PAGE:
Quentin Tarantino has built a movie ideology on nostalgia. In the Los Angeles Times, Mary McNamara observed that the moral of Tarantino’s new fairy tale, “Once Upon A Time in Hollywood,” is, “Who doesn’t miss the good old days when cars had fins and white men were the heroes of everything?”

That’s a dumb question. Even the president knows better:

President Donald Trump on Sunday claimed “mental illness” was the cause of the fatal shootings in El Paso, Texas and Dayton, Ohio over the weekend that led to the deaths of 29 people combined.

While Trump floated that “perhaps more has to be done” to prevent future shootings, he claimed that “this is also a mental illness problem if you look at both of these cases.”

“This is mental illness,” he said. “These are really people that are very, very seriously mentally ill.”

So far authorities have found no indication that either of the two suspected shooters was mentally ill. While the motive of Connor Betts, the suspected Dayton shooter who was killed by the police, remains unknown so far, investigators believe the El Paso shooter may have written an anti-immigrant manifesto ranting against the “Hispanic invasion” and are therefore investigating the shooting as a possible hate crime.

This was, then, nonsense, but useful nonsense:

Telling reporters that he’d spoken to Attorney General Bill Barr and FBI Director Chris Wray, Trump said that “hate has no place in our country and we’re going to take care of it.”

Trump critics, including 2020 candidate former Rep. Beto O’Rourke (D-TX), say Trump’s own racist rhetoric against immigrants and Hispanics has contributed to the rise in white nationalist violence.

Trump has downplayed white nationalism as “a small group of people that have very, very serious problems,” even though Wray told Congress that a majority of his agency’s arrests of domestic terrorists this year had links to white supremacy.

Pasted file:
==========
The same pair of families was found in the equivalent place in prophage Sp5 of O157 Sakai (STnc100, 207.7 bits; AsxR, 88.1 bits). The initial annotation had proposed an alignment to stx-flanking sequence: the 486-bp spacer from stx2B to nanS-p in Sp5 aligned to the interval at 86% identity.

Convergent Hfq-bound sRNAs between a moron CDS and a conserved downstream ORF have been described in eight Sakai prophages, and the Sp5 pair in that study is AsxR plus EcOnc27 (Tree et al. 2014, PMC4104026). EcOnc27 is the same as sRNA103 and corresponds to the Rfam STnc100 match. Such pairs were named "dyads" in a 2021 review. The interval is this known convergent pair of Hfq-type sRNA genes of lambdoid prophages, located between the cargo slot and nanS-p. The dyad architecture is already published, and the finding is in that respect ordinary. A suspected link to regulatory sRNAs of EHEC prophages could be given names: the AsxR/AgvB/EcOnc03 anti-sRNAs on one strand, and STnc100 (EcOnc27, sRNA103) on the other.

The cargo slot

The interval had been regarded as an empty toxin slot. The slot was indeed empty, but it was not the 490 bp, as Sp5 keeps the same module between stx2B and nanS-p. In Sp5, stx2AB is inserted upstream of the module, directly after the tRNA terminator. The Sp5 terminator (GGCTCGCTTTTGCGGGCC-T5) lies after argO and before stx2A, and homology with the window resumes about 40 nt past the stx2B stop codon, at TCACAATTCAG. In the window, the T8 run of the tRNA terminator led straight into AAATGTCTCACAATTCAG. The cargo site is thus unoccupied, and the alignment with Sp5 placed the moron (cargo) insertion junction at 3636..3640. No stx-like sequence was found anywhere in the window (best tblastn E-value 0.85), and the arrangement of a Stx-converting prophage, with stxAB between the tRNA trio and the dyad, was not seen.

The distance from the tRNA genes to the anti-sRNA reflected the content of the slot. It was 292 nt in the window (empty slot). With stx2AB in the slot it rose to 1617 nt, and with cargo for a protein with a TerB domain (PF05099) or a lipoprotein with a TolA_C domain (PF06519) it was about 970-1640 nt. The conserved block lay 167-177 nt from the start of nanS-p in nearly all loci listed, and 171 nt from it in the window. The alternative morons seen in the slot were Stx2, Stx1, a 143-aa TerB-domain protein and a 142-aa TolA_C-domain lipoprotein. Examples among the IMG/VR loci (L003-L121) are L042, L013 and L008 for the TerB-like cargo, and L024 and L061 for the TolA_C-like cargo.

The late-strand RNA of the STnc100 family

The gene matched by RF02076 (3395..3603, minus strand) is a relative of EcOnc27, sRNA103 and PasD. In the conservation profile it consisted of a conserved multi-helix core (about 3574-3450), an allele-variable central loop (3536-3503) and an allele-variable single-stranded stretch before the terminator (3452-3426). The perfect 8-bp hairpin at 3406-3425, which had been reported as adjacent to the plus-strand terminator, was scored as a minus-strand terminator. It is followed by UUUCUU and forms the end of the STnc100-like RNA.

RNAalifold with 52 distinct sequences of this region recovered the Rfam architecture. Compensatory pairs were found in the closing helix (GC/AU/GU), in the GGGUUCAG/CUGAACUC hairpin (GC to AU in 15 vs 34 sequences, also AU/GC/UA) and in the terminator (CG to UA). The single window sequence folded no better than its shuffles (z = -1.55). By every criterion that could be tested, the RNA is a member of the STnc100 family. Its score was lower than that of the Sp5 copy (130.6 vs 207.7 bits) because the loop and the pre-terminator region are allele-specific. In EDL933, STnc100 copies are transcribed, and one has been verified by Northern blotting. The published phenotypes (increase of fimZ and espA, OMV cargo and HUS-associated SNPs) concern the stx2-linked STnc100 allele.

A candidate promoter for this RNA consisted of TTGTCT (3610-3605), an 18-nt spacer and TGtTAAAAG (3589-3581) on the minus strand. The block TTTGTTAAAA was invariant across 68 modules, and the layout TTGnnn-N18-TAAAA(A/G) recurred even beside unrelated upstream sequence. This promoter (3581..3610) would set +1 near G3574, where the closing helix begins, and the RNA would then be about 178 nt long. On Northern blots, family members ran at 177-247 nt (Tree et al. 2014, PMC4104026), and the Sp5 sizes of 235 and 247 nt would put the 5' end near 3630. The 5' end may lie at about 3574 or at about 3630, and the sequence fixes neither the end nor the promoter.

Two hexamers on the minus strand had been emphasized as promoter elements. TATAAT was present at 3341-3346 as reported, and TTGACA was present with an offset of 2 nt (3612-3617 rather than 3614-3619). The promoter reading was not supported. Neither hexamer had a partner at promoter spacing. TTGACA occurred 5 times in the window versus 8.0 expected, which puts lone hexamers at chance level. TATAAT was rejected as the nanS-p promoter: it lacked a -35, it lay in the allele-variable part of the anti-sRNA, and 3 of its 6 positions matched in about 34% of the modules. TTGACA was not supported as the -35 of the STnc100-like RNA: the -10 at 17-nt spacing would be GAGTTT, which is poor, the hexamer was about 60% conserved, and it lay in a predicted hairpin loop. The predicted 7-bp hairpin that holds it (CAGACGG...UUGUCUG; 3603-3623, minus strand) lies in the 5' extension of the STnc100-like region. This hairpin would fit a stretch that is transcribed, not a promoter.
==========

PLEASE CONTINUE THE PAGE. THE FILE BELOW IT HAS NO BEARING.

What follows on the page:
This president is big on avoidance, but the Philadelphia Inquirer’s Will Bunch dives right in:

The center of Donald Trump’s America is not holding. You had already watched the fear and loathing spiraling out of control – the immigrants afraid to leave their homes to take their kids out to a playground or an ice cream shop, the gulag of squalid concentration camps, the increasingly racist rants from a president desperate to cling to his job. And now these twin eruptions – body bags and hastily abandoned shoes stacked up on blood-stained American asphalt.

When things fall apart, they shatter into a million pieces. I can’t tell you yet exactly how the bloodshed in El Paso is related to a mass murder in Dayton, or to the social dysfunction right here in Philadelphia that caused someone to spray bullets into a crowd of people shooting a hip-hop video, or into a crowded block party in Brooklyn the night before that. I can’t explain why people tweeting about El Paso couldn’t use the hashtag #WalmartShooting because it was already in use for a man who’d just murdered two employees at an outlet in Mississippi.

All I know is that it’s all starting to feel like the same event – a Great Unraveling of America.

Somehow that makes sense:

The feeling only grew worse when I read that the authorities in El Paso believe some of the wounded may not go to local hospitals… because they’re so afraid of our immigration cops. It seemed like one more sign that conditions in this country – the violence, the fear, the embrace of racism and xenophobia from the highest levels, and the long slide into neo-fascism – have become intolerable. And yet – with the blood of El Paso and Dayton not yet dry – far too many are still tolerating this.

None more so than America’s so-called Republican leaders – the Mitch McConnells, Mitt Romneys, the Greg Abbotts – who seemed to share the same pathetic and cowardly playbook of quickly taking to Twitter, praying for the victims and their families, praising the first responders, and quickly logging off without one word about the scourge of white supremacy, their president who helps promote it, or the gun culture that makes it all so lethal.

And forget the mental health crap:

No doubt, mental health – and the lack of care – is a crisis in this country. But linking it to the El Paso murders seems like an evasion. From what we know so far, the killer embraced a sick ideology but knew exactly what he was doing – driving 600 miles to a carefully selected kill zone and writing a hate-filled but consistent manifesto. His mass murder seemed less a statement about his own mental health and more a statement about the moral health of a nation where so many are opening embracing racist and xenophobic rhetoric – including the current occupant of 1600 Pennsylvania Avenue.